At the hospital, Dr. Walter L. Hogan examined Clarissa. He found "hemorrhage (similar to bruises), scratches about the left side of her face, by her head and upper neck". Seminal fluid was found inside the vault of the vagina. Clarissa was "emotionally distraught" and "upset generally". Dr. Hogan's clinical impression was that "traumatic sexual penetration had occurred". Dr. Hogan defined "traumatic" as associated with other evidence of physical violence. Clarissa told him that she was forced into a washroom and raped under threat of death.
In her testimony, Clarissa stated that she did not complain of having been raped to any policeman and denied making any statement of complaint to Dr. Hogan.
The appellant's version of the events of that fateful night is somewhat different. Testifying in his own behalf, the appellant stated that he had talked with his former girlfriend, Gloria Ann, at the club on the night in question. After leaving the club, he sat on an automobile with a friend and talked. When the appellant headed for his car to leave he passed Gloria Ann who, along with her two sisters, was standing in front of the club. Gloria Ann called the appellant an "M.F." and the appellant heard a shot. He turned and Clarissa and Bonnie Jean were upon him, Bonnie choking him and Clarissa grabbing his arm. The appellant, despite such obvious obstacles, saw Gloria Ann running down the street putting a gun back into her purse.
He then pulled his own gun, fired and saw her go down. When the appellant tried to break away from Clarissa and Bonnie, his gun accidentally went off hitting Bonnie Jean in the nose.
The appellant ran back into the club and into the men's bathroom. Upon entering the bathroom, he turned and saw that Clarissa had followed him so he hit her with his pistol. A struggle ensued. The fight came to a standstill. The appellant was sitting on the floor, "bleeding all over the place" and Clarissa was sitting on the toilet. The appellant checked his body to see where he had been shot. He unzipped his pants and looked behind him and saw the blood. By this time, the whole floor of the men's room was covered with blood. The remainder of this tale is best related in the appellant's own words:"Well, Rita (Clarissa) started saying, you know, don't getwhen I saw the blood, I started panicking again, I started getting where I thought I was bleeding to death, you know, and she picked up some tissue, you know, and wiped it off and she said, `Hey, you are going to be all right, don't, you know, don't get excited, don't do nothing else'. That is about the time I startedI said, `I will just go on and kill myself because I hurt, you know, these two people, you know, and she just kept on telling me, `Be calm, be calm'. * * * * * * "Well, I was sitting on the floor and I started wiping this blood up and by this time I am half out. Rita was sitting up on the toilet and she started talking and she said, `Hey, you know, you didn't hurt my sister and them and you be calm'. She said, `I want to do something to calm you down', and by this time she sat up there, she took off her clothes and put them on the top of the toilet and sat on top of me."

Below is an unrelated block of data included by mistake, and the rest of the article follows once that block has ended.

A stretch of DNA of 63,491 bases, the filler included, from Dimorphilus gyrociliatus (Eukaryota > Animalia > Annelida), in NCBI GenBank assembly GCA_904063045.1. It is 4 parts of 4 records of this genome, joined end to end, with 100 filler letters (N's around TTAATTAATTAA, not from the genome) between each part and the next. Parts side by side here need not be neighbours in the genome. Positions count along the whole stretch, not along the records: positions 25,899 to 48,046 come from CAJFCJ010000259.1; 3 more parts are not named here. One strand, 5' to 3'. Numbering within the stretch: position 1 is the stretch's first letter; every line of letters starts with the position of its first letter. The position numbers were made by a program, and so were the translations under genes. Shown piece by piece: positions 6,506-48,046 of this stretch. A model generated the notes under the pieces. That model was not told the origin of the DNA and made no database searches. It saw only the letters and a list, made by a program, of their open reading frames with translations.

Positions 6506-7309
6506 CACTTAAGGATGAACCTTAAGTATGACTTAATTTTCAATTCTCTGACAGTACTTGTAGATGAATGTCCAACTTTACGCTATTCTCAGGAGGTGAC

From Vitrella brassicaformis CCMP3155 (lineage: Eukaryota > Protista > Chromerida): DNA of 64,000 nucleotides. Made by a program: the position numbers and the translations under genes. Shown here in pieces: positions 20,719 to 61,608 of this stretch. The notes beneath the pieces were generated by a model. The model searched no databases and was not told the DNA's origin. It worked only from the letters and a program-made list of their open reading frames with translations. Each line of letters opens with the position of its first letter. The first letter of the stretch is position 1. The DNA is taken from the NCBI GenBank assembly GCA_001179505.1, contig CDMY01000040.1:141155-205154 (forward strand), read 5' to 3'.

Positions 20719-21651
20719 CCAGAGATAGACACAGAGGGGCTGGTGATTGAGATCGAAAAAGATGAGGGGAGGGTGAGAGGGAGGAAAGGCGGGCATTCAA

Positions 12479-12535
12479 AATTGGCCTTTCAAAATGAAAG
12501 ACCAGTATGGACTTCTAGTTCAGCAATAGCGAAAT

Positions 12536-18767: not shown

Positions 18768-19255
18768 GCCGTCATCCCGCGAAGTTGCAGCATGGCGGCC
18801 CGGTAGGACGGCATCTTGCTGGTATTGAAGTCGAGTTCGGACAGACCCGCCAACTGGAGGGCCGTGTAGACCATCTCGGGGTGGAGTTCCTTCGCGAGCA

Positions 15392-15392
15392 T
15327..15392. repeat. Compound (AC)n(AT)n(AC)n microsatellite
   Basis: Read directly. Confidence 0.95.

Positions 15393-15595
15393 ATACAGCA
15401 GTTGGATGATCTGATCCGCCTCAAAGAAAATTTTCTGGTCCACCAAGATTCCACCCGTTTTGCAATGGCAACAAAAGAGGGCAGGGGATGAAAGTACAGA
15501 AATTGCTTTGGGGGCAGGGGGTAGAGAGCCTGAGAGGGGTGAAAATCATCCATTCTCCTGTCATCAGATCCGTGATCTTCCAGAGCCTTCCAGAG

Sitting on the bathroom floor the appellant engaged in sexual intercourse with Clarissa.I
Prior to trial, the appellant filed a motion to produce seeking an order from the trial *476 court directing the Mobile Police Department or the Office of the District Attorney to produce the trousers worn by the appellant at the time of his arrest. The trial court issued the order and directed the state to produce the trousers or "to show cause why not on trial date". The asserted significance of the trousers is that if the testimony of the prosecutrix is true and the appellant raped her while she was lying on the bathroom floor, the knees of the trousers should have been covered with blood. The appellant contends that the fact that the front of the trousers was not bloody would tend to support his version that the prosecutrix willingly had intercourse with him while sitting in his lap.